Bitcoin is off its mid-April record highMeanwhile, in other speculations:  The Basel Committee on Banking Supervision proposed that a 1,250% risk weight be applied to a bank’s exposure to Bitcoin and certain other cryptocurrencies. Bitcoin was trading around $36,200 this morning.  It would make it extremely costly for banks to hold digital tokens on their balance sheets, potentially delaying crypto’s wider adoption.  “The only consistency has been the volatility — it’s been big spikes, tons of enthusiasm, followed by big selloffs,” Ross Mayfield, investment strategy analyst at Robert W. Baird & Co., said of Bitcoin’s moves. “If you believe in it you’re probably to stomach the volatility, but if you’re just in it because it seems like the hot way to get a quick buck, that volatility is going to be hard to deal with.”

In the world of real commodities, Corn is becoming a big problem, with supplies at their lowest since 2013, when corn topped out at $850 (now $650 – usually $300).  Corn is mainly used as feedstock for cattle and hogs and that drives food inflation (5% in yesterday's CPI) and this is a Global shortage – with China going everywhere trying to feed their rapidly expanding hog herd.  Not only does it take a year to plant more crops, making this a long-term problem, but the crops we have are in peril with droughts and heatwaves in the US Corn Belt (soybeans will be affected too).  Should the non-existent Global Warming wreck this year's corn and soy crops (and don't forget the locust in Africa), the next crisis we ignore will be food insecurity on a massive scale.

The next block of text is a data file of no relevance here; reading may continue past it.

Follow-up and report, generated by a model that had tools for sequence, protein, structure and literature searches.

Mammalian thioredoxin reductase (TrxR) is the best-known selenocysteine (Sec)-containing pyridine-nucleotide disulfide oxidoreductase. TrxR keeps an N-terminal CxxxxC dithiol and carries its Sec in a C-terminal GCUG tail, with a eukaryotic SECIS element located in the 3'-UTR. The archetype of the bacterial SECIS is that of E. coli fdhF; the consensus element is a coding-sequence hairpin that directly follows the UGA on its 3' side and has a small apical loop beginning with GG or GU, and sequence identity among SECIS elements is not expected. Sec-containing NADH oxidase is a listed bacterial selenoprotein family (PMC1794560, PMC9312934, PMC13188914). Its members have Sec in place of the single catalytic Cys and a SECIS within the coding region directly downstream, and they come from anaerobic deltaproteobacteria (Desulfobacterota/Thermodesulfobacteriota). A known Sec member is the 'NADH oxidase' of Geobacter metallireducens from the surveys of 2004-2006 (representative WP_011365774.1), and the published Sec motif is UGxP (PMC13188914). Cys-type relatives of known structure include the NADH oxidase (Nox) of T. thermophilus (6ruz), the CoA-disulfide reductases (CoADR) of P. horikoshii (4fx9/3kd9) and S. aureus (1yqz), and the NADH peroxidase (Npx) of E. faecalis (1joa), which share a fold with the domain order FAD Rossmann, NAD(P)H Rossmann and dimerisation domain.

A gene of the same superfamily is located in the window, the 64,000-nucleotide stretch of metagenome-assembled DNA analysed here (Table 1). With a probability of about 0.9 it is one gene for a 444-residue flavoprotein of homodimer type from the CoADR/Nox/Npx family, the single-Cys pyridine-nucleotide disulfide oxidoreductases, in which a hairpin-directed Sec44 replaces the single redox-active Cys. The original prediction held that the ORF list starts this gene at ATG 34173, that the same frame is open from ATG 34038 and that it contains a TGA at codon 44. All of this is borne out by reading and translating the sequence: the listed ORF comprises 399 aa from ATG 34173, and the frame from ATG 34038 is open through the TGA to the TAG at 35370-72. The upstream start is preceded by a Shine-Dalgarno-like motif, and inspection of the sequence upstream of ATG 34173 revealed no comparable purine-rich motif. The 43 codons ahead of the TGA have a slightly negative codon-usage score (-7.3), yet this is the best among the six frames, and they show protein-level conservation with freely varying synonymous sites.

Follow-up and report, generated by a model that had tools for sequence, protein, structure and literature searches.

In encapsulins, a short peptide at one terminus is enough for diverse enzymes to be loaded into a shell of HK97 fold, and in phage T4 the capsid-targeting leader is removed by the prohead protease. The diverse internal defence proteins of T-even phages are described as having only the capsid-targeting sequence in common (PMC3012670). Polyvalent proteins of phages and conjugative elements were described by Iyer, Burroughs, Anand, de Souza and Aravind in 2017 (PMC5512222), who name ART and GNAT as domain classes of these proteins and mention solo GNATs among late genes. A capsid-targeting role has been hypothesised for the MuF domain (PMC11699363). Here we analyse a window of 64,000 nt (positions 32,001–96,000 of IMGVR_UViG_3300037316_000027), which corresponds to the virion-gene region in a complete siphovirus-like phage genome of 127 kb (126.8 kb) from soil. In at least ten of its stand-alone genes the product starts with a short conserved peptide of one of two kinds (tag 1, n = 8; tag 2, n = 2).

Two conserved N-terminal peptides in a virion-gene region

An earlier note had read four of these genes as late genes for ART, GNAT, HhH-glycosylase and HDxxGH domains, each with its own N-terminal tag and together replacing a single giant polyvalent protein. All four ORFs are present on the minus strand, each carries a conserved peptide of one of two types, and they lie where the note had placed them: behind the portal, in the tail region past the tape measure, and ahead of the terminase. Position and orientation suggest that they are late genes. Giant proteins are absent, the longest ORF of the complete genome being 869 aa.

We're going to be running around giving vaccines to people who would rather have a loaf of bread….

A man runs, chasing away a swarm of desert locusts early in the morning in Samburu County, Kenya.

Have a great weekend,

- Phil

 


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  1. Good Morning.


  2. Consumer Confidence pretty good but current conditions slowing sharply:

    • University of Michigan June Consumer Sentiment86.4 vs. 84.0 expected and 82.9 prior.
    • Current Economic Conditions: 90.6 vs. 92.3 expected and 89.4 prior.
    • Index of Consumer Expectations: 83.8 vs 79.0 expected and 78.8 prior.
    • Inflation Expectations: 4.0% vs. 4.6% prior

  3. Surveys of Consumers chief economist, Richard Curtin
    Consumer sentiment rose in early June, recouping two-thirds of May's loss. The early June gain was mainly among middle and upper income households and for future economic prospects rather than current conditions. Stronger growth in the national economy was anticipated, with an all-time record number of consumers anticipating a net decline in unemployment. Rising inflation remained a top concern of consumers, although the expected rate of inflation declined in early June. Spontaneous references to market prices for homes, vehicles, and household durables fell to their worst level since the all-time record in November 1974 (see the chart). These unfavorable perceptions of market prices reduced overall buying attitudes for vehicles and homes to their lowest point since 1982. These declines were especially sharp among those with incomes in the top third, who account for more than half of the dollar volume of retail sales. Fortunately, in the emergence from the pandemic, consumers are temporarily less sensitive to prices due to pent-up demand and record savings as well as improved job and income prospects. The acceptance of price increases as due to the pandemic, makes inflationary psychology more likely to gain a foothold if the exit is lengthy. While expansive monetary and fiscal policies are still warranted, the accompanying rise in inflation will cause uneven distributional impacts. Those impacts have already been noticed in June among the elderly and lower income households. A shift in the Fed's policy language could douse any incipient inflationary psychology, it would be no surprise to consumers, as two-thirds already expect higher interest rates in the year ahead.

    Subject: The Impact of Emotions on Expectations January 22, 2021